BA.4 and BA.5 are now the dominant coronavirus strains in the U.S., and they’ve triggered another LA surge. On an airplane of 50 passengers or a restaurant of 20-30 diners, there’s a 90-99% chance that someone there has COVID, says Dr. Bob Wachter
LA County Public Health Director Barbara Ferrer said days ago, “BA.4 and BA.5 — special concern because of their apparent ability to cause reinfection in people who are already infected with other Omicron subvariants. … There’s strong evidence that they can spread faster than other subvariants.”
This is a time for caution, says Dr. Bob Wachter, chair of the department of medicine at UCSF.
“Let's say you're boarding an airplane with, say, 50 people on it. There's about a 99% chance that somebody on that airplane has COVID. In a restaurant of 20 or 30 people around you, it's 90-95%,” he tells KCRW. “There is a lot of COVID around, and because this variant is more infectious than the last one, and the last one is more infectious than the one before it. If you're not being careful, there's a pretty decent chance that you can get it.”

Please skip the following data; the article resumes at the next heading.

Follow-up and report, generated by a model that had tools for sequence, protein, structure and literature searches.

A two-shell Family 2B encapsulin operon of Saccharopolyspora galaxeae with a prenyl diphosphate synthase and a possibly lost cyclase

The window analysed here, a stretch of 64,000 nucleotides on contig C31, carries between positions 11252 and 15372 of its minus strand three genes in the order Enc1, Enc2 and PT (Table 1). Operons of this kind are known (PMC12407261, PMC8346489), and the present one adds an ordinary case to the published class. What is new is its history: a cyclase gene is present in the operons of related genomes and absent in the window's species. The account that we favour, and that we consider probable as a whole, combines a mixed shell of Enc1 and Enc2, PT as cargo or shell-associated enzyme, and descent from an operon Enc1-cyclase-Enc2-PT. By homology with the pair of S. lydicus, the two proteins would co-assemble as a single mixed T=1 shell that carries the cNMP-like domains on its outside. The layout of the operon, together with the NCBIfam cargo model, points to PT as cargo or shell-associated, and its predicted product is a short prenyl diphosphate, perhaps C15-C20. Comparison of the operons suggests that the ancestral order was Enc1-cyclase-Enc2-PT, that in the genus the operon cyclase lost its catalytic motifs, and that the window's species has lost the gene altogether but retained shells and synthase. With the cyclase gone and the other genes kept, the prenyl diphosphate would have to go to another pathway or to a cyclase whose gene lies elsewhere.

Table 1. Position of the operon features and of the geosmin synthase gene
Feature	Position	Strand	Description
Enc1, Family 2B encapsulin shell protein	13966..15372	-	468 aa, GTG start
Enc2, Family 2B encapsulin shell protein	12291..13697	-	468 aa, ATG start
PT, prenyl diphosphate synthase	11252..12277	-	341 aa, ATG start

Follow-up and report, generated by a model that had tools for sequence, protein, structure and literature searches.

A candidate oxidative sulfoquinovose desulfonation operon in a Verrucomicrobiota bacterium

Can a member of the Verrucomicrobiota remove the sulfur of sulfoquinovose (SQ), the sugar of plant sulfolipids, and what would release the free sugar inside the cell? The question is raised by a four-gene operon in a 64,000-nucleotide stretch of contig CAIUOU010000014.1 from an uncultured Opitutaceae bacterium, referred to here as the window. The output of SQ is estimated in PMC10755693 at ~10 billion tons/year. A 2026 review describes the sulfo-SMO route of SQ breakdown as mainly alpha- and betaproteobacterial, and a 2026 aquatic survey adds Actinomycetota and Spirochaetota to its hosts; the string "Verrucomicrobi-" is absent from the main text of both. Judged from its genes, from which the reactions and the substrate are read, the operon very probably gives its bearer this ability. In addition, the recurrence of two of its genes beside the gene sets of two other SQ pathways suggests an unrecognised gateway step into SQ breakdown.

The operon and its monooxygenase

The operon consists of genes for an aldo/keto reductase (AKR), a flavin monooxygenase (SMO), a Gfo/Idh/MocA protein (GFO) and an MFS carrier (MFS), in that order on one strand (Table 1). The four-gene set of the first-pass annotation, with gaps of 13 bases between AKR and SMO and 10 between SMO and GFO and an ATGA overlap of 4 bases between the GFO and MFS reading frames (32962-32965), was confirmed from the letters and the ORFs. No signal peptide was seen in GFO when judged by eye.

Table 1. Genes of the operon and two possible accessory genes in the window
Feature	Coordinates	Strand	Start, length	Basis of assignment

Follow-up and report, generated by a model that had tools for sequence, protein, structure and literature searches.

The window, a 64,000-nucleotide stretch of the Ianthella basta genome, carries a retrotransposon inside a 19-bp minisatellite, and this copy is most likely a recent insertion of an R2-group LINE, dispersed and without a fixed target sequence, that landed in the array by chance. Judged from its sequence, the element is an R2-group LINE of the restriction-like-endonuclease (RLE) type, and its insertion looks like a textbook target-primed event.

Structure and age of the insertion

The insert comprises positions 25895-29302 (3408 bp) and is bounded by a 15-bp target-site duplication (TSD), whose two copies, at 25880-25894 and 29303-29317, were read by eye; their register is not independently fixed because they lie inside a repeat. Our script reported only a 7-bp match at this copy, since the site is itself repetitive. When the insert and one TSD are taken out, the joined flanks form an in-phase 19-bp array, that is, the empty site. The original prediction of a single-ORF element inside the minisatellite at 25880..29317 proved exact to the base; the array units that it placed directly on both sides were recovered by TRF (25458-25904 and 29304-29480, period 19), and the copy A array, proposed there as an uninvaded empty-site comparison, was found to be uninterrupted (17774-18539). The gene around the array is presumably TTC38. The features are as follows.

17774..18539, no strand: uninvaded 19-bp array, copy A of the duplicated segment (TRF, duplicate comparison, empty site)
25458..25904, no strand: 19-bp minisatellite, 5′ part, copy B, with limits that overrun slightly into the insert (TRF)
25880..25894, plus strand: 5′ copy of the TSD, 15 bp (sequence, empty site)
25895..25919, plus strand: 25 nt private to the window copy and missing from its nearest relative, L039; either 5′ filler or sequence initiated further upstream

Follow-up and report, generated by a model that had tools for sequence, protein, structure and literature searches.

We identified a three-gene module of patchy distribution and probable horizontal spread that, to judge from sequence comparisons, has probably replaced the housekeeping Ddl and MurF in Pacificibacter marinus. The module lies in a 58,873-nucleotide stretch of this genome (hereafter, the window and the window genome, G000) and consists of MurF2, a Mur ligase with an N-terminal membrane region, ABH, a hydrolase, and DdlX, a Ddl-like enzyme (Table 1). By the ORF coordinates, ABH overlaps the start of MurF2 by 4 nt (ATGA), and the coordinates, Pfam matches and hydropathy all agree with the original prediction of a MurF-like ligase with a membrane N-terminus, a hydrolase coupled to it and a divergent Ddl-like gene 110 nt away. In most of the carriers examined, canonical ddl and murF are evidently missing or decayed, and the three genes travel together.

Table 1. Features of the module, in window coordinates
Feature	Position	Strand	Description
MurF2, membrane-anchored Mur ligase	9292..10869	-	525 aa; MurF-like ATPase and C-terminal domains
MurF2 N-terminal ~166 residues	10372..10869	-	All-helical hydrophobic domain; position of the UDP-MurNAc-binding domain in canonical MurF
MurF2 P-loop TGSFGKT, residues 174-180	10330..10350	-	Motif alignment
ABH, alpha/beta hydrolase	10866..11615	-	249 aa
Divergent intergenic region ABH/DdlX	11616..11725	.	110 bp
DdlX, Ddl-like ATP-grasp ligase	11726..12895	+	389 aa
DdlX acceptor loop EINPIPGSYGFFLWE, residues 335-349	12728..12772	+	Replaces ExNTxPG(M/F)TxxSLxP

That chance even applies if you’re vaccinated and double-boosted, he points out.
“Remember in the very beginning when vaccines came out, people said it's rare to get an infection if you're vaccinated. That's really obviously not true. Now there's a lot of breakthrough cases. But the real reason why you want to be vaccinated and boosted and double-boosted if you're eligible — is that it still works quite well in preventing a severe case. It just doesn't work super well in preventing a case.”
He advises people to wear N95 masks on airplanes and at indoor restaurants, but you should avoid those indoor eateries altogether.
“If you wear a good mask in situations where you're being exposed to a lot of people, the odds are really quite good that you can keep yourself safe,” he says.